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Carol Niemi is a marketing consultant who lives on the Dunwoodg-Sandg Springs line and
writes about people whose lives inspire others. Contact her at firstname.lastname@example.org.
CAC leader leaves a legacy
of helping others
After 23 years as CEO of the Community
Assistance Center, Tamara Carrera has an
nounced her intention to retire. Her legacy
will be hard to equal.
CAC was founded in San
dy Springs in 1987 by 10 lo
cal congregations to ad
dress growing poverty in the
community. For the next six
years, it operated out of the
scout hut at one of the mem
ber churches. Then in 1993
along came Carrera, a bilin
gual native of Ecuador new
to Atlanta, with an MBA
in nonprofit management
and a desire to get involved.
Her family joined Holy In
nocents’ Episcopal Church,
where on Mission Sunday
she encountered CAC and signed up.
“ft was basically all volunteers then,”
she said. “Neighbors helping neighbors.”
She soon went from volunteering once
a week to joining the board of directors. By
1997, she was CAC’s fourth CEO.
“I started part-time, for basically no
money,” she said of the organization that
provided food and clothing to 280 families
a year with an annual budget of $24,000.
She soon realized it wasn’t really a part-
time job but believed in the mission and
told the board she would work as many
hours as necessary for the part-time salary.
After the 1996 Olympics, many of the
thousands of people who had come here to
work were left jobless but stayed. The com
munity was growing rapidly. So was the
need. Carrera became a fundraiser.
“That’s when we started strategic plan
ning,” she said.
Today CAC is the local community
emergency assistance agency, every year
serving more than 6,500 individuals in
3,000 households. It has an annual budget
of over $5 million, 18 staff members, three
locations and more than 500 regular vol
unteers supported by 28 religious congre
gations and numerous individual, corpo
rate and foundation donors.
CAC prevents homelessness and pro
motes self-sufficiency by providing need
ed food, clothing and emergency financial
assistance. To qualify for assistance, people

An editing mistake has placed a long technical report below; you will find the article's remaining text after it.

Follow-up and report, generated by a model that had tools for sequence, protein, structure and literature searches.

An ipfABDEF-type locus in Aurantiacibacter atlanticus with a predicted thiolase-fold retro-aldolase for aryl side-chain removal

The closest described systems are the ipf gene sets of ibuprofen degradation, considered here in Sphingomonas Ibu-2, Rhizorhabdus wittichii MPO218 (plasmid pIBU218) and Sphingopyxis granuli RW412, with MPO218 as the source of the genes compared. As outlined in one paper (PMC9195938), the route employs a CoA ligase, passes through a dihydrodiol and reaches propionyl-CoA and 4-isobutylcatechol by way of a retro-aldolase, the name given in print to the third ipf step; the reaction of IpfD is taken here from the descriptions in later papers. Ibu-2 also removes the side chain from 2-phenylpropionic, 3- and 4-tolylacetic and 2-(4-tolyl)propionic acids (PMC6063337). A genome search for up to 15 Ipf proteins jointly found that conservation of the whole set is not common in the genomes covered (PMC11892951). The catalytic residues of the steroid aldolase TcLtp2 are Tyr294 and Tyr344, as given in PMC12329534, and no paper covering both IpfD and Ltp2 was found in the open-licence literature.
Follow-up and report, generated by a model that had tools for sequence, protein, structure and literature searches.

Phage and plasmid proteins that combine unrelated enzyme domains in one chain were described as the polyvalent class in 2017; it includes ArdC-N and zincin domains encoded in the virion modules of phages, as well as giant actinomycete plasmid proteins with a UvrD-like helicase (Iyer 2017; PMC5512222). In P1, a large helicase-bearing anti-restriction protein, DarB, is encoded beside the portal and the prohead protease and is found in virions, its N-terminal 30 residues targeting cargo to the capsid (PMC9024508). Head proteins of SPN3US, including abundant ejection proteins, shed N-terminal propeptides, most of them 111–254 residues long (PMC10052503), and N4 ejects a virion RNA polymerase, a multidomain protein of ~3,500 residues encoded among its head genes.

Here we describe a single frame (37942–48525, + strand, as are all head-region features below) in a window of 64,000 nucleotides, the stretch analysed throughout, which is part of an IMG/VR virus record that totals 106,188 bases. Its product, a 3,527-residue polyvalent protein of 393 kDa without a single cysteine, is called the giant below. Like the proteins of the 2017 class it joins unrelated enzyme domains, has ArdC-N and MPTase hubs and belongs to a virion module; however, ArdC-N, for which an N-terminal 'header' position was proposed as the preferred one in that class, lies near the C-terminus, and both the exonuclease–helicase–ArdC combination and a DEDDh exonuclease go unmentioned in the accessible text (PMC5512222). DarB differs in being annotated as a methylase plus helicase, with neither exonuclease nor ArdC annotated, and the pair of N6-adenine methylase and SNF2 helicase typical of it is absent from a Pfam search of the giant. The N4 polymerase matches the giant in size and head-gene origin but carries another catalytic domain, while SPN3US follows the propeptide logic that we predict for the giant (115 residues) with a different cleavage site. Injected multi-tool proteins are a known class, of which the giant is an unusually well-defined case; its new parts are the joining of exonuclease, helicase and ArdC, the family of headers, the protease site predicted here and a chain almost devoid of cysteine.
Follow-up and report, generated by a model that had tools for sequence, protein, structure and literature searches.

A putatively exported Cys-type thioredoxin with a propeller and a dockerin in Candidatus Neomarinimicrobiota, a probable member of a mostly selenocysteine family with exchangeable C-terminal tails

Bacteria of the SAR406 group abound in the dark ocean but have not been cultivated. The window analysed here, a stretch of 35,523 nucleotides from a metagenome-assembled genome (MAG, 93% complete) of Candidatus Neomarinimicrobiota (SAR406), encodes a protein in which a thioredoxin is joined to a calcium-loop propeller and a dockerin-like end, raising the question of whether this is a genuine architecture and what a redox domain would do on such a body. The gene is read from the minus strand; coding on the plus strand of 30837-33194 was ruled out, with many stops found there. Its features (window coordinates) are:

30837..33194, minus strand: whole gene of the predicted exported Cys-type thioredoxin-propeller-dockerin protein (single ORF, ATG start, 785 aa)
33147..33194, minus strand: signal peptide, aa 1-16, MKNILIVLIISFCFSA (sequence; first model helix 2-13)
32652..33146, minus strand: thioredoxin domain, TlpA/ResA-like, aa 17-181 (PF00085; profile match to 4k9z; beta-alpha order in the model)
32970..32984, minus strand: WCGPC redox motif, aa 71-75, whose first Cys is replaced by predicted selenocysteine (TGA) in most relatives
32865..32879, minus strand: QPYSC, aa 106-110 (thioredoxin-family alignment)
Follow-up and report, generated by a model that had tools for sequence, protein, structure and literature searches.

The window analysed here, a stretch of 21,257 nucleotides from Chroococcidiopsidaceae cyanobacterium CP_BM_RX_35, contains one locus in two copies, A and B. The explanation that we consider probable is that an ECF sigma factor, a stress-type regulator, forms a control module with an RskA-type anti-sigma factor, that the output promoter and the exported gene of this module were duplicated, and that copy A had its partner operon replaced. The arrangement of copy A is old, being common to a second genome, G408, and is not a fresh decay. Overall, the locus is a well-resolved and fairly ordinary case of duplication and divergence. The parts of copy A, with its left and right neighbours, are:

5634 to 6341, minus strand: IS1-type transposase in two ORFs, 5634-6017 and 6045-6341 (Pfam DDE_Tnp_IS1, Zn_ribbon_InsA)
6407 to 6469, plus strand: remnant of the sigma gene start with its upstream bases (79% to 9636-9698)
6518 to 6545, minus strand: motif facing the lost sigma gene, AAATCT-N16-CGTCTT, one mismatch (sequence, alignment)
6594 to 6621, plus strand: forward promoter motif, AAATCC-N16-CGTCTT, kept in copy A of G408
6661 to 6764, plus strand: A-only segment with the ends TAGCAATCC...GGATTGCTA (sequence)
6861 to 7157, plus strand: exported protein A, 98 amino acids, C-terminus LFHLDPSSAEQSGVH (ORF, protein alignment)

must live in one of six ZIP codes in Sandy
Springs, Dunwoody and part of Doraville.
Since its founding, it has helped more than
20,000 households cope with financial
CAC operates out of three buildings: its
headquarters at 1130 Hightower Trail, its
food pantry and thrift store at 8607 Ro
swell Road and a part-time food pantry at
5 Dunwoody Park South in Dunwoody. A
second Sandy Springs location inside 285
is currently closed for renovation.
In 2012, the Community Action Center
became the Community Assistance Cen
ter (still CAC) to facilitate fundraising and
more accurately reflect its
‘“Action Center’ was a
term from the 1960s for social
work organizations funded
by public money, not 501(c)3’s
like us,” she said. “When I
went to foundations for mon
ey, they said, ‘We don’t fund
CAC has changed in the era
of COVID-19. Its main build
ing is temporarily closed,
its thrift store and food pan-
tries are open only on certain
days, and interviews are con
ducted by phone and email.
The people served have changed, too. In
the beginning, they were mainly families
in extreme poverty with no savings. Now
many are families that had savings but
have used them up.
“People we would have never seen be
fore,” she said.
This year, for Thanksgiving and Christ
mas, instead of baskets of food, which re
quire over 100 volunteers to pack, CAC is
giving gift cards from grocery stores and
stores that sell toys.
Since becoming CEO, Carrera has seen a
multitude of changes.
“Early on, we were just trying to orga
nize and define ourselves,” she said. “We
knew the need was there and we were a
Band-Aid, but we had no idea if we were
having an impact because we didn’t have
the resources to do follow-up.”
In 2005, after moving to Hightower
Trail, they began creating individual plans
for each family and following up.
“Now we follow families at 30, 90 and
180 days to see if we’re making a differ
ence,” she said. “We know we’re essential.
If we disappeared, it would be devastating
to a lot of people.”
CAC is all of this and more. It’s a place
where people in need, who are often em
barrassed to receive assistance, are treated
with dignity and respect.
Anyone who has ever been involved
with CAC, as I was when I served on the
board, knows that the astonishing success
of the organization is the result of dedi
cated teamwork but ultimately due to the
commitment and leadership of one person
- Tamara Carrera.
Dedicated as always, she has promised
to stay until the board finds her replace
“CAC has been my life for a long time,”
she said. “It’s what I was meant to do.”
For more about CAC, see ourcac.org.